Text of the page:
withnail-guilty-dog-face-i-am-not-guilty-nikon[1]

Guilty

July 24, 2014 / by / 0 Comment

Featured image from Google Images

(Summer’s half gone by now and the school year will start again soon, and thinking about the new batch of incoming students makes me reflect upon my own experiences in HKU as a non-local student. In light of this I’d like to share a piece I’ve written last October, which outlines my thoughts on the local-student/international-student debate.)

I didn’t have the best freshman year. I felt out of place, struggled with studies, and though I had a great circle of friends (very crazy people, might I add), I missed home constantly and wasn’t very happy.

Then it struck me. University life comes by only once, and some people don’t even have this opportunity. Was I going to throw away this great chance to record some of the best chapters of my life by sulking around because not everything was sailing smoothly? I shouldn’t even have the time to wallow in self-pity.

The annual debate held by HKUSU last week on whether HKU should reduce the maximum intake of non-local applicants gave me something to mull over. I do not want to comment on who’s right or wrong, as there are countless views on this matter. What I realized last Wednesday is a little different and more personal.

More than half of my friends are non-local students from many countries. Some voiced out during the debate and others took out time from their schedule just to be there even if they couldn’t understand what was going on. If my friends, who couldn’t understand a word of Cantonese nor Mandarin could care about this so much to skip lunch, take a break from preparing for mid-terms, rush over from the medical campus just to witness this discussion, what was I doing? I am a multilingual person and I understand Cantonese.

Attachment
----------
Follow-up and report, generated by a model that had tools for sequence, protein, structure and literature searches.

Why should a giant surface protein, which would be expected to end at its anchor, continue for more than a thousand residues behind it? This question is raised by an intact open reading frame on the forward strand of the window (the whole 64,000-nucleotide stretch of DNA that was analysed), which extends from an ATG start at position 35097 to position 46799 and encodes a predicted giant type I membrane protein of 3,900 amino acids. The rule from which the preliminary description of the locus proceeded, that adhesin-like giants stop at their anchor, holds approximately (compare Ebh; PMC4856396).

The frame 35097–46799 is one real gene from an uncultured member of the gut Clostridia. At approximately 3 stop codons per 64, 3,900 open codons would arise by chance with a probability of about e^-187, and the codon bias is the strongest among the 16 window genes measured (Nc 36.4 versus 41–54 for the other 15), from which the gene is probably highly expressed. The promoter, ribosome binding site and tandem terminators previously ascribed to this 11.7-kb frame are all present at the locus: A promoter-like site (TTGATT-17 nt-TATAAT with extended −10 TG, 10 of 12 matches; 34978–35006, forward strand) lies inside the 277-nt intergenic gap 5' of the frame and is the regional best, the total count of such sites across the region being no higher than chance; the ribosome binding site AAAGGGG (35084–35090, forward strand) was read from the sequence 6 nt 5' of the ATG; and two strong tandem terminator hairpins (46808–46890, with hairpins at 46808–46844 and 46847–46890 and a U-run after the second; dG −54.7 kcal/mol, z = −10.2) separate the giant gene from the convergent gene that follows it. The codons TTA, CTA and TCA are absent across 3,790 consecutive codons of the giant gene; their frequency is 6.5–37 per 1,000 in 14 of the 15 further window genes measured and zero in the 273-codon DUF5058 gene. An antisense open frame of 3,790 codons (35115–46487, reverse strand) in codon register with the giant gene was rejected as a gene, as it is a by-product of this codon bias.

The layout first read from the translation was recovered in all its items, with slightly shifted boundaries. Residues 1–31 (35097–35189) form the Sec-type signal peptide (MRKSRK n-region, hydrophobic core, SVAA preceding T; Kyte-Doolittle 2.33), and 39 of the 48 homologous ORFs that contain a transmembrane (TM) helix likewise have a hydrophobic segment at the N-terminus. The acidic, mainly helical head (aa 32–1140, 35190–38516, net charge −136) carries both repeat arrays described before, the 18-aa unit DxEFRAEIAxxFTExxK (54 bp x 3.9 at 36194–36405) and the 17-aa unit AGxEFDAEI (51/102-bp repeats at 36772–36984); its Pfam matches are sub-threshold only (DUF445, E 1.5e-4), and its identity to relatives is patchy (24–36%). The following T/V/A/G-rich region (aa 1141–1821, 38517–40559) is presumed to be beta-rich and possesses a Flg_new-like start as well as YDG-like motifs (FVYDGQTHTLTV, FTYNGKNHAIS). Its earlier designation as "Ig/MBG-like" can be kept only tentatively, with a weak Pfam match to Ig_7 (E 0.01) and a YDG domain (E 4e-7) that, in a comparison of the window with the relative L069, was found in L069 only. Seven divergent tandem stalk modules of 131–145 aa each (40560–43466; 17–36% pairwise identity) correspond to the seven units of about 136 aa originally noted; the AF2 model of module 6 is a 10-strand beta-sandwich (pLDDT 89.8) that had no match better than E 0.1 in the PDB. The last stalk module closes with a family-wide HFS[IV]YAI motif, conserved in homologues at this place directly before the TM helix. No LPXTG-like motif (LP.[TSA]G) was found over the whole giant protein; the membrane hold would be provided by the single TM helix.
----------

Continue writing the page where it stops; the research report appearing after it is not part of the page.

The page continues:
I am in what one may say a great position to try out so many things in HKU without the worry of any language barriers. One of my Mainland friends once told me, “If I were confident with my English, or Cantonese, I would make so many more friends from different countries.” But I wasn’t doing that. I was sticking to my own comfort zone, mingling with students from my own country because it was just easier that way. I am a non-local student here at HKU, yet one blameworthy of not making any effort to contribute to the diversity of this prestigious institution.

There was one recent post on the HKU Confessions page that caught my eye, and here is an excerpt:

“Koreans only hang out with Koreans, Malaysians with Malaysians, Mainlanders with Mainlanders… It’s a sad fact and something you can’t deny. What does it say about the international student body of HKU? It’s almost non-existent. People fail to understand that just by being in HK they are not becoming any more international than they would if they stayed back in their respective countries.”

I agree, and am ashamed to admit that I am guilty. I am sure we all are.

Change does not take place overnight. And if it were that easy, we wouldn’t be blaming each other in a century-old university. As the old Chinese saying goes, “Mountains are easier to move than a person’s character,” but change begins with us. This vicious cycle breaks with us.

What my friend said to me has really hit home. I no longer care where in the world you come from or what accent you have. If you’re sitting next to me on the shuttle bus, you’re a new friend.




RELATED ARTICLES
COMMENTS